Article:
Wednesday, April 26, 2006

Complex display with odd radius column arcs in Finland

A long-lasting halo display was seen in Southern Finland on 25th April. The gems of the display were odd radius column arcs, of which 9, 20 and 24 degree arcs were seen. Additionally, 9 and 24 degree lower plate arcs as well as an 18 degree halo and possibly a 23 degree upper plate arc were visible for a short period of time during the day. The duration of the display was spectacular; for instance the Wegener anthelic arcs and 120° parhelia were continuosly on the sky for almost three to four hours. At the latter stages of the display a beautiful 46° supralateral arc and magnificent circumzenith arc appeared. The display was photographed by many people - Marko Riikonen in Helsinki, Jari Luomanen in Tampere, Lauri Kangas in Espoo, Marja Wallin in Lahti, Timo Viinanen in Hameenlinna and Jukka Ruoskanen in Hyvinkaa.

7 Comments:

Blogger Claudia Hinz said...

Wow ... I'm speechless! Congratulation!!! I hope you welcome us in july with similarly halo display???
Cordial greeatings from Germany (with only normally halos at the moment)

Claudia

26 April, 2006  
Blogger Patrik Trncak said...

Giant fantastic complex!

27 April, 2006  
Blogger Michael Ellestad said...

WOW!! I feel the same way myself!! Theres not even a cloud in the sky. Tell those fine crystal cirrus to stop by in Ohio USA for 4 hours.

27 April, 2006  
Blogger Marko Riikonen said...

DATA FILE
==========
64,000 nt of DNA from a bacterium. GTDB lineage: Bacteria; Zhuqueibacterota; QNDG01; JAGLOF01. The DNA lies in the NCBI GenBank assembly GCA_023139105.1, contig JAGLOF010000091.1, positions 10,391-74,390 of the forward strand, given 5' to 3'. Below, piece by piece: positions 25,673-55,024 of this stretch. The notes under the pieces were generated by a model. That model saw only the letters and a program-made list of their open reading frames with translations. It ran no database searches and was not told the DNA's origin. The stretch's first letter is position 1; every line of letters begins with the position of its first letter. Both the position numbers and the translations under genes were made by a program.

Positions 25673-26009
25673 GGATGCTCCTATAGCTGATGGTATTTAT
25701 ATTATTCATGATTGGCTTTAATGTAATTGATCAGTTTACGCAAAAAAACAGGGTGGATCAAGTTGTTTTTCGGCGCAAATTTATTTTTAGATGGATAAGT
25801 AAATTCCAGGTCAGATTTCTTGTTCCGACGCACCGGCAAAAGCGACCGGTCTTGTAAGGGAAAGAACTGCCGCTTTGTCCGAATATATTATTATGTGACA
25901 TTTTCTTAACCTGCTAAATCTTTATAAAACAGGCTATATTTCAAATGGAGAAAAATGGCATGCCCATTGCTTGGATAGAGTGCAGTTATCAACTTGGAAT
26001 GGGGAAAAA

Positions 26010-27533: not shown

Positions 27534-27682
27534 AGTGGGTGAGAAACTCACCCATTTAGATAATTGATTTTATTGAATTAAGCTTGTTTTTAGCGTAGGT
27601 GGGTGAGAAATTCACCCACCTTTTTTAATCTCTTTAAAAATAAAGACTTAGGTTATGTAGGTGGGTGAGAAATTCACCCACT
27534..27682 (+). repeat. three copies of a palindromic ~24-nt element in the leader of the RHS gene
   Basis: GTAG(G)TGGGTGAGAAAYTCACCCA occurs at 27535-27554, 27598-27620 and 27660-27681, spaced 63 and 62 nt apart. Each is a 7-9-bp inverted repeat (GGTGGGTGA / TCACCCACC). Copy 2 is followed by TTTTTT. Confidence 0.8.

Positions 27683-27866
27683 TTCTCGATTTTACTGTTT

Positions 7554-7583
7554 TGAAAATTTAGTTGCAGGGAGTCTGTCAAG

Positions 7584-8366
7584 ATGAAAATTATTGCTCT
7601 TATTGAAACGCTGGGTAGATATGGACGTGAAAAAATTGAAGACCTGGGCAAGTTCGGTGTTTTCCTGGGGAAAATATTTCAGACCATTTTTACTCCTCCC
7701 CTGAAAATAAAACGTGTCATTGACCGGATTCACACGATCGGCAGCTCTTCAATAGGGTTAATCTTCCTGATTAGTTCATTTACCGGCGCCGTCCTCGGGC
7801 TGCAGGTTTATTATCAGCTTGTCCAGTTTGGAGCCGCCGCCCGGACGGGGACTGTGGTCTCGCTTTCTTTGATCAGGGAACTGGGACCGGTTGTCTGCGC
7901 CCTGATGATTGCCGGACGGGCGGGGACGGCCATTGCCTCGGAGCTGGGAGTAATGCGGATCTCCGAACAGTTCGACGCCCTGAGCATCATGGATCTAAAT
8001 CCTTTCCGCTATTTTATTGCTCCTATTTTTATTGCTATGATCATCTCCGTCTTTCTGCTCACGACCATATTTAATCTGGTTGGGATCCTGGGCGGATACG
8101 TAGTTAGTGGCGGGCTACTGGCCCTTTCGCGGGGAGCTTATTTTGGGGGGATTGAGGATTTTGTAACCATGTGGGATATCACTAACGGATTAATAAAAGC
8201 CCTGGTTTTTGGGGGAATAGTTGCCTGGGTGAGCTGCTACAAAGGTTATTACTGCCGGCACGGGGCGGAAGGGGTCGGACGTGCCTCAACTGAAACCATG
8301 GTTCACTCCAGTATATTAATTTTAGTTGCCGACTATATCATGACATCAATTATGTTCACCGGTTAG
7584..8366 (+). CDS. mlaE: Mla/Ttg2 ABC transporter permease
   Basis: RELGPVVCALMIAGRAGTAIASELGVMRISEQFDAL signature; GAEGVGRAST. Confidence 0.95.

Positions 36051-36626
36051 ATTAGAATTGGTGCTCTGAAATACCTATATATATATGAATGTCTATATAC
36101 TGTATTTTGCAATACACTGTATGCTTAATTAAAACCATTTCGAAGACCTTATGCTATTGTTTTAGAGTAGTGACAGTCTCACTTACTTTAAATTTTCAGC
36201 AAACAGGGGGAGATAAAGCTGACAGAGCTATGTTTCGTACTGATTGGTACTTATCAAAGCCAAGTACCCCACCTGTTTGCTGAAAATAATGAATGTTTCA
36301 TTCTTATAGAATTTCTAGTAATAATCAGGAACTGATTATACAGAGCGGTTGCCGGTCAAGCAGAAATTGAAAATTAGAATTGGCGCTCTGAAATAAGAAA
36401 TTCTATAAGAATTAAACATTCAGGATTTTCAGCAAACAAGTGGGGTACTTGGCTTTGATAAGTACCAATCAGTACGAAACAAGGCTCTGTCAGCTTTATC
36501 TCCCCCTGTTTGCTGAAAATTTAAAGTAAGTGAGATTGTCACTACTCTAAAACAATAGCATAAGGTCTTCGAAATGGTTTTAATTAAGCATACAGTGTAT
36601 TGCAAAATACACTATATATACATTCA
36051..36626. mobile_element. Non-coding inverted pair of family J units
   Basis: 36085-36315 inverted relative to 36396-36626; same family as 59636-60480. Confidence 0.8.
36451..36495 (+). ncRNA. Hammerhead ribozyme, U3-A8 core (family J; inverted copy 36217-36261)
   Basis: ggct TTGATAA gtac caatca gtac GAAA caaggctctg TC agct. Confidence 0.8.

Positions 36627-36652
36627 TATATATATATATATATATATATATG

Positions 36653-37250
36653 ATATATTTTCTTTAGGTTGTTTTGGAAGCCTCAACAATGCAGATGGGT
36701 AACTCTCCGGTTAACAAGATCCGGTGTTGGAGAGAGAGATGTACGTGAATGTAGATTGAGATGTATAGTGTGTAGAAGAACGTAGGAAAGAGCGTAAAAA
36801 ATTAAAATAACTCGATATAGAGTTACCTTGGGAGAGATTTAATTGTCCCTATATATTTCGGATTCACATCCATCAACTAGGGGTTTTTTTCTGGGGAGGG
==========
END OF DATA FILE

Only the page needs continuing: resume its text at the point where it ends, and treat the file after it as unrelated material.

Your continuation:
Photos are stacked, that's why it looks like no cloud in the sky (filenames of my photos give the time span of stacked photos).

27 April, 2006  
Anonymous Frank Nieuwenhuys said...

Both Peter-Paul and I think, it's not accidentally, so many enthousiastic sky watchers are active in Finland. The Finnish climate and hence the atmospheric circumstances are outright favourable for rare halo forms and superb displays, so, halo forms such as ellipitic and odd radius displays are considerably less rare in Finland, in comparison with Ohio and western and central Europe. The latter areas are much more affected by the jet stream, and that implicates commonly an unsettled and turbulent atmosphere.
On April 8th last, I catched here in The Hague (Netherlands) during a short while (only a few minutes) a brilliantly bright, well-
developed and well-coloured upper tangent arc, together with a clearly visible parhelion and likewise part of the parhelic circle, in a limited area of a remarkably rapid moving cirrus field, at the rear of a cold front. At the moment of the observation, the axis of the jet stream was positioned exactly over The Hague. I'm almost sure that, if the atmosphere was much more quiet at that very moment, I would have witnessed a great display. It's not by accident, most great displays appear nearby high pressure areas; so was the case with the April 25th southern Finland display.

30 April, 2006  
Blogger Marko Riikonen said...

We've been generally thinking the opposite here. If we were to take into consideration country area and number of halo observers Ohio and Netherlands probably scores better in high cloud halos.

And to my view, that we have so many active obsevers is more due to well done groundwork than halos themself.

01 May, 2006  
Anonymous Frank Nieuwenhuys said...

Marko, no doubt: the Finnish 'groundwork' might be well-done indeed, but without the fine high-cloud displays, like the lunar display of April 12th/13th and the solar display of April 25th last, and all those brilliant diamand dust displays of last winter, the number of active observers in Finland would be remarkably lower. Here in Holland we experience, in periods with many fine displays, the number of observers increases; in poor halo periods the number decreases. Perhaps, in quantity, Ohio and western and central Europe score more halos, but considering the quality, Finland has still a more favourable climate, in my opinion.

01 May, 2006  

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